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Utopian Turtletop. Monsieur Croche's Bête Noire. Contact: turtletop [at] hotmail [dot] com

Tuesday, January 18, 2005

OF THE CLAVE, BO DIDDLEY, AND SCOTT JOPLIN

Several days ago my friend and former bandmate Bob Jacobson e-mailed me his thoughts on my post where I cite Ned Sublette, author of “Cuba and Its Music,” as an authority that Cuban music influenced early rock and roll. Here’s Bob:

“I must read Sublette's book, for this is something I have been thinking about since getting involved in playing Afro-Cuban music for the last several months. Just some ad hoc thoughts not grounded in any greater-than-average knowledge of either the history of Cuban music or the history of rock. My half-assed theory places Cuban music as a sort of detour between Africa and rock, specifically a detour down Clave Road. Traditional African music contributed to Cuban and other Latin musics, among other things, the clave. The classic 3-2 clave, the most fundamental element of Cuban music, is found in early rock, but only as a highly specialized "exotic" groove. We call it the "Bo Diddly beat." In Afro-Cuban music, the Bo Diddly beat is the most elementary of grooves, kindergarten level. And the Bo Diddly part is only one aspect of it; you have to layer other percussion stuff on top of it--the special cowbell thing, the "cascara" spiel on the shell of the timbales. Even the shape of the bass line is determined by the clave. Then, once all that stuff is in place, you can get rid of the explicit clave entirely; it's just implied by all the other parts built on top of it, kind of like building a house of cards and then pulling selected cards out of the bottom floor. Rock does not even have a label for the equally elementary 2-3 clave, which you can hear in such tunes as "Our Love's in Jeopardy." I can't think of a single rock tune, early or otherwise, that is based on a rumba clave, which is like a 3-2 but with the third hit delayed half a beat, which makes it sound more like a 2-3 variant. Early rock was simply not allowed to get so rhythmically complex. It's as if the primal Rock Mama had read "Cuban Music for Dummies," and left it at that. The worst thing you can do in Cuban music is get the clave turned around backwards. In rock there's no danger of that happening. The beat is square. Whichever way you turn it, it's still square.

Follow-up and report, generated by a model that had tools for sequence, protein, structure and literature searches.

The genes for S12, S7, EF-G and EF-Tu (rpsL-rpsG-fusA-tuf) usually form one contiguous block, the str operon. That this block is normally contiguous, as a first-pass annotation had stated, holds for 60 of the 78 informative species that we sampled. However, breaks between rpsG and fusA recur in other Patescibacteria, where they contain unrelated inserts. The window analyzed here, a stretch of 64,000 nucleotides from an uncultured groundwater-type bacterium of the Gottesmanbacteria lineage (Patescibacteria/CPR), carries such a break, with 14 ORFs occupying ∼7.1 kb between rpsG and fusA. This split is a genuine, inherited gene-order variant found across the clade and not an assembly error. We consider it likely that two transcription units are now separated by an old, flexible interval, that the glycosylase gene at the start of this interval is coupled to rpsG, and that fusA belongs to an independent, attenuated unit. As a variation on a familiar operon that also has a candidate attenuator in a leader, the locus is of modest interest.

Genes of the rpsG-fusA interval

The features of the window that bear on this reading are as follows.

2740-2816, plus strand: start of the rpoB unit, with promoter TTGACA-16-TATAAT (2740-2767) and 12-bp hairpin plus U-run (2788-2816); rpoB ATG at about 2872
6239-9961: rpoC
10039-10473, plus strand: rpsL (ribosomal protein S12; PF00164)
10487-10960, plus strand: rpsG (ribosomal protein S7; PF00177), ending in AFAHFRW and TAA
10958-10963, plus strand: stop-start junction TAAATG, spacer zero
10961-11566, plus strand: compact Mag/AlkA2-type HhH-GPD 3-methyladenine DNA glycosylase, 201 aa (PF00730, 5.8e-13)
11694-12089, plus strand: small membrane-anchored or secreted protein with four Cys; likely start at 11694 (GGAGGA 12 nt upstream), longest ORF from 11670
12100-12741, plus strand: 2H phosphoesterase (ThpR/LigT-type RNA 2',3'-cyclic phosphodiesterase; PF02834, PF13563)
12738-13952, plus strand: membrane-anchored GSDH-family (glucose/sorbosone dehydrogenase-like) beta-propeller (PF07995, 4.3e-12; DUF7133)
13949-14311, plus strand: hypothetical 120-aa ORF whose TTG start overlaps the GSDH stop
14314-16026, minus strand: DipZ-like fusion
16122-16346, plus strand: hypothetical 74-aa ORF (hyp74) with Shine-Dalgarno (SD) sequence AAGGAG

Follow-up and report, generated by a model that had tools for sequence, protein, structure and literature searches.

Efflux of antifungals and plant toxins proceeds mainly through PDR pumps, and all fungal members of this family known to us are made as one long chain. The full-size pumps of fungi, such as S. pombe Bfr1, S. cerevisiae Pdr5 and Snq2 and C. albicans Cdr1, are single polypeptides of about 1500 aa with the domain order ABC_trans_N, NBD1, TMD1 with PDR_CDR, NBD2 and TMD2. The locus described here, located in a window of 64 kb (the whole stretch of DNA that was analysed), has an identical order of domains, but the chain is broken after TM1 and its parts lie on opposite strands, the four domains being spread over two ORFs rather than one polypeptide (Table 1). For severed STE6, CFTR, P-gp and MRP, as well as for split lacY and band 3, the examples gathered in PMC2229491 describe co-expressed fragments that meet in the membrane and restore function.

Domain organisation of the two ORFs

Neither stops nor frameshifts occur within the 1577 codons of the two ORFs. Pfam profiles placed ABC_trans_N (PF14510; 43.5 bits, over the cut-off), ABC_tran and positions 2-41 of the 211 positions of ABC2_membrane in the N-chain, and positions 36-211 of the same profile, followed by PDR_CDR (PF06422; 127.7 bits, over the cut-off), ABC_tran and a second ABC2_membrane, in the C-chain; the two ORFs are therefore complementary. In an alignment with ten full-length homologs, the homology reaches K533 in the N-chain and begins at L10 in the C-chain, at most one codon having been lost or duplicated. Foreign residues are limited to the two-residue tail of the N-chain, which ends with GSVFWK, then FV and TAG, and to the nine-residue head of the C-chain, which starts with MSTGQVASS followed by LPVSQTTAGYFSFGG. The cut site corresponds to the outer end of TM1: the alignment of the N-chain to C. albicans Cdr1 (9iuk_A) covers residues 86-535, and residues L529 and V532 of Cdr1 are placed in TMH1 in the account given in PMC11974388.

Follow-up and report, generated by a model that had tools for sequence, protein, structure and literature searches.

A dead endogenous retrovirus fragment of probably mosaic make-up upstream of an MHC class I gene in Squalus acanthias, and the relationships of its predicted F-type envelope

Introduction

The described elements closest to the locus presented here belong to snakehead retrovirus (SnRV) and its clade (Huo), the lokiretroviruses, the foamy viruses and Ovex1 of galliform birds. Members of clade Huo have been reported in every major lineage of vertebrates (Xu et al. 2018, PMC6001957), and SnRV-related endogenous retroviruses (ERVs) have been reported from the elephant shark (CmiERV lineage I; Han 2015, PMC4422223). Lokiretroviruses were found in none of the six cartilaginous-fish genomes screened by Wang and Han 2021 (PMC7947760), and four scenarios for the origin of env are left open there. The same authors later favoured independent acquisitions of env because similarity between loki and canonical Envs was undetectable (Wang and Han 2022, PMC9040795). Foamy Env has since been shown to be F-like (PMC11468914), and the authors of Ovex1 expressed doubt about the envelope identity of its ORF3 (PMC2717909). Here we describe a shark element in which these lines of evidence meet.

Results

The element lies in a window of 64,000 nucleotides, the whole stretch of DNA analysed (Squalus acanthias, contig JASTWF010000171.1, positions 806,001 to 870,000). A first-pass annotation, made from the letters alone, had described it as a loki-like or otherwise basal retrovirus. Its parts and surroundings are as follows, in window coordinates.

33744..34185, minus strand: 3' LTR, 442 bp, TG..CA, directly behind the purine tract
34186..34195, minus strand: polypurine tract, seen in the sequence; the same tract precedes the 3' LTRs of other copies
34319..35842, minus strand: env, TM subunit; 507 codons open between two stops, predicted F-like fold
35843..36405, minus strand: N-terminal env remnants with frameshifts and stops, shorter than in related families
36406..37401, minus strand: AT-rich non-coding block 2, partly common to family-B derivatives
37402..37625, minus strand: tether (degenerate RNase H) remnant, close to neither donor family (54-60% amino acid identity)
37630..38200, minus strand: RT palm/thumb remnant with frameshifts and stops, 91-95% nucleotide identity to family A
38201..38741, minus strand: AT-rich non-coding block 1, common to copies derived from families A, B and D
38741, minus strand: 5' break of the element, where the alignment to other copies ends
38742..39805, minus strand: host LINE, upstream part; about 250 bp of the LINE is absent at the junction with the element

“Which is not to say that there is not plenty of early rock containing rhythmic intricacies. Well, maybe not plenty, but some. But those intricacies are (a) only rarely rooted in the intricacies of the Cuban clave family; and (b) way less intricate than the intricacies of Cuban dance music. A beginner playing Cuban pop will frequently have no idea where the hell the downbeat is. That does not happen in rock. It's got a backbeat, you can't lose it.
 
“The point of all this inane rambling being that, in my opinion, while there is probably a demonstrable historic relationship between Cuban music and American rock, I would tend to liken it to the relationship between the lemur and the orangutan. They have common ancestors and share certain traits, but neither was a major influence on the the other's development.”

JOHN REPLIES: This discussion has postponed my reading of “Cuba and Its Music,” while I read “Rock & Roll, an unruly history,” by Ned Sublette’s friend Robert Palmer (who has since died). Palmer quotes Fats Domino’s songwriting partner, bandleader, and record producer Dave Bartholomew as saying that the classic ‘50s rock bass lick -- an arpeggiated major chord, 1-3-5, on a clave rhythm (3+3+2) -- he originally borrowed from an old Cuban record. But you may be right that the rhythm survived independently in North America anyway; Bo Diddley’s use of the beat certainly feels indigenous. The 3 + 3 + 2 rhythm underlays Scott Joplin’s gorgeous “Solace, A Mexican Serenade” too; even 100 years ago North Americans felt that beat to be from south of the border.


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